Bohra

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Among the Shias of South Asia the Ithna-Asharis are in the majority while the Khojas and Bohras of Western South Asia belong to the two internal divisions of the Isma`ili group of Muslims - the Nizaris (Khojas) with Satpanth Ismaili and the the Musta‘lis (Bohras or Bohri) with Tayyibi Ismaili. The Bohras are subdiveded into three main sects: Dawoodi, Sulaimani and Alavi.

Most Bohras are Dawoodi (Daudi) Ismailis and smaller Sulaimani branch is located in Yemen. The Bohras have their headquarters in Mumbai. They are under the leadership of a Da'i Mutlaq, or "Absolute Preacher." The Bohras believe their leader is a reincarnation of the previous leader, who was initially a reincarnation of Hadrat Ali. The sect was formed in the 11th Century C.E during the Fatimid dynasty. The Mustalis accepted the caliphate of al-Mustali. They remained in Egypt until the fall of the Fatimid dynasty in 1171. From there the sect moved to Yemen where it split, with some remaining in Yemen and others moving to South Asia where they became known as Bohras. The Bohra is derived from Gujarati language word Vohra meaning trader. The Musta'li missionaries converted local people to Islam.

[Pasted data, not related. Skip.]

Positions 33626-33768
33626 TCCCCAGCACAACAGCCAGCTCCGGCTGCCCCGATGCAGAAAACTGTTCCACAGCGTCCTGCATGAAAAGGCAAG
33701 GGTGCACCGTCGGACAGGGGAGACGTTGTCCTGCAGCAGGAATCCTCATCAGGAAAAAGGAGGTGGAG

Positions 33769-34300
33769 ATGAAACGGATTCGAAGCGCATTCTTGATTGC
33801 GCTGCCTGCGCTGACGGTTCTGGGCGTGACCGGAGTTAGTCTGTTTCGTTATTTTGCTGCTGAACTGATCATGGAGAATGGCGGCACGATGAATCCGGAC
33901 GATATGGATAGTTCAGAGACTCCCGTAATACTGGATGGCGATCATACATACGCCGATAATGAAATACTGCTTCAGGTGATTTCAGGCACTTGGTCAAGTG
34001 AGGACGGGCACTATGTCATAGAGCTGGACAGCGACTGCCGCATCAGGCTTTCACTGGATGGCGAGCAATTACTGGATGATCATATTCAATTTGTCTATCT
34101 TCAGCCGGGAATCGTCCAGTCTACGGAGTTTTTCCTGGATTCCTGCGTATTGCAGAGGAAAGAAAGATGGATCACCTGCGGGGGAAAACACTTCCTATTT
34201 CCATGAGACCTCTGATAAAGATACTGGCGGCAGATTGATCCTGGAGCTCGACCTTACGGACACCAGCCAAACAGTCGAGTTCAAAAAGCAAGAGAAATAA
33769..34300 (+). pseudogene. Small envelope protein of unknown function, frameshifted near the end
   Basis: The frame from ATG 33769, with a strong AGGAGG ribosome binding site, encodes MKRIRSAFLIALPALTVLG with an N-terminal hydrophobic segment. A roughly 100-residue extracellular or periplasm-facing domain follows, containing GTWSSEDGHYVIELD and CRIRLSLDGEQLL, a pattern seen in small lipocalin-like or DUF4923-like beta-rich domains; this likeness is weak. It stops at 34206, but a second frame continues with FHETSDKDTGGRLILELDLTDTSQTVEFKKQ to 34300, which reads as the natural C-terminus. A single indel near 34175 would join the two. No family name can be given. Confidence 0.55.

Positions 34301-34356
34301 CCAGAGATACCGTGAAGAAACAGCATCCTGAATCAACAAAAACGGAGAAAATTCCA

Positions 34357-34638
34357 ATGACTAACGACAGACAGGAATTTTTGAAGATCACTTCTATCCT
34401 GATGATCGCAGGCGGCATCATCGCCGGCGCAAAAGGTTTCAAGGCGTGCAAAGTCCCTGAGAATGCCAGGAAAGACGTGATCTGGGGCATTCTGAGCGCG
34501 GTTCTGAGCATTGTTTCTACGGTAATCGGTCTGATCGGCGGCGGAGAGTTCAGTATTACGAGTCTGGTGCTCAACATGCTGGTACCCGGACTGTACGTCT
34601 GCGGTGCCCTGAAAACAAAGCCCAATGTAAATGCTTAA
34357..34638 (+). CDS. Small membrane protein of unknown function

Though highly Islamised as compared to the Isma'ili sects like the Khojas, the Bohras have retained much from the native South Asian culture. The Dawoodi Bohras are a Shi'a Isma'ili sect numbering over a million today. The majority of Dawoodi Bohras live in Pakistan and India. While the Sulaimani Bohras live in Yemen and Najran province of Saudi Arabia.

The Dawoodi Bohra sect has split into conservatives and progressives groups. The smaller Progressive Dawoodi Bohra group is moving towards mainstream Islam.

 

 

 

 

 

 

 

 

 

 

 

 

 

 

 

 

 

 

 

 

Page Last Updated: Wednesday, April 02, 2008 23:27:15 -0400